The ALA Archives is always pleased when our records are used in publishing new historical research, and today is the official release date for the book When Books Went to War: The Stories that Helped Us Win World War II by Molly Manning, which includes research from records held at the ALA Archives. The book tells the story of the revival of mass-organized library services for the armed forces, which had been premiered during World War I but fallen into neglect during peacetime. The Victory Book Campaign was a joint effort from librarians, booksellers, publishers, and the US armed forces to not just rekindle the library program, but to greatly expand it. Librarians focused their efforts on organizing book donation drives, as demonstrated with this poster to the right.
For Veteran’s Day, the ALA Archives wanted to share how books can sometimes take us to strange and wonderful places. James Whittaker’s We Thought We Heard the Angels Sing (a book about soldiers during WWII who survived a plane crash over the Pacific and were stranded on a life raft for weeks) took Suzanne Kelley and her students on a pursuit of knowledge that connected them with the WWII veterans from the book. These veterans became a part of the students’ lives for years to come. This is Ms. Kelley’s letter to the American Library Association from this past September: Continue reading “We Thought We Heard the Angels Sing”→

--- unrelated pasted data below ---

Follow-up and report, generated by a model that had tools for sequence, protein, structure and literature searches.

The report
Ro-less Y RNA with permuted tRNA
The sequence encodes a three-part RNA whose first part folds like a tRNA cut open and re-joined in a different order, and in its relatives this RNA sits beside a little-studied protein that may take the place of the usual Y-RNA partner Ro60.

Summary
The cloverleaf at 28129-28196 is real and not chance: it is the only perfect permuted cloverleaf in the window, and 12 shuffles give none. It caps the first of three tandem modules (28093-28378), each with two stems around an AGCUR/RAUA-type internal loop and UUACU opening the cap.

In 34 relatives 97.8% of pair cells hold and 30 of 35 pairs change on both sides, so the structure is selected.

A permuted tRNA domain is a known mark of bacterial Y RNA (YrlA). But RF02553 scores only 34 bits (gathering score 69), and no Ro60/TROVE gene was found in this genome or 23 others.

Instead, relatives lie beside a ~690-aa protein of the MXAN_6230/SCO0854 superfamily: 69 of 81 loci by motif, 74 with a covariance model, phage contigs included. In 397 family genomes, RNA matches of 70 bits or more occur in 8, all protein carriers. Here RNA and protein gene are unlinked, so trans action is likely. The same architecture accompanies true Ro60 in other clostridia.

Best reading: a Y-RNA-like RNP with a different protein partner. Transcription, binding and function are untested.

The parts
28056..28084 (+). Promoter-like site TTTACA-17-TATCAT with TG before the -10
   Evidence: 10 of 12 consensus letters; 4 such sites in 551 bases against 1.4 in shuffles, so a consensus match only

Posters used by the ALA during its early history are now digitized for long-term preservation and access copies are available for viewing online. [Database currently down, 3/8/2019] Subjects covered in these posters include the ALA’s work with the Library War Service to the American military during World War I, the importance of the freedom to read used during World War II, celebrating the ALA 50 Year Anniversary (in 1926) and the Carnegie Centenary (in 1935), as well as librarianship recruitment and general library promotion during the early twentieth century. These posters provide important documentary evidence of both the work of the ALA and how the presentation of American libraries and librarianship has changed over the past century.
As described by Director Dorothy Reeder, the American Library in Paris was a “war baby, born out of that vast number of books sent to the A. E. F. by the American Library Association in the last war. When hostilities ceased, it embarked on a new mission, and has served as a memorial to the American soldiers for whom it has been established.” Continue reading “American Library in Paris”→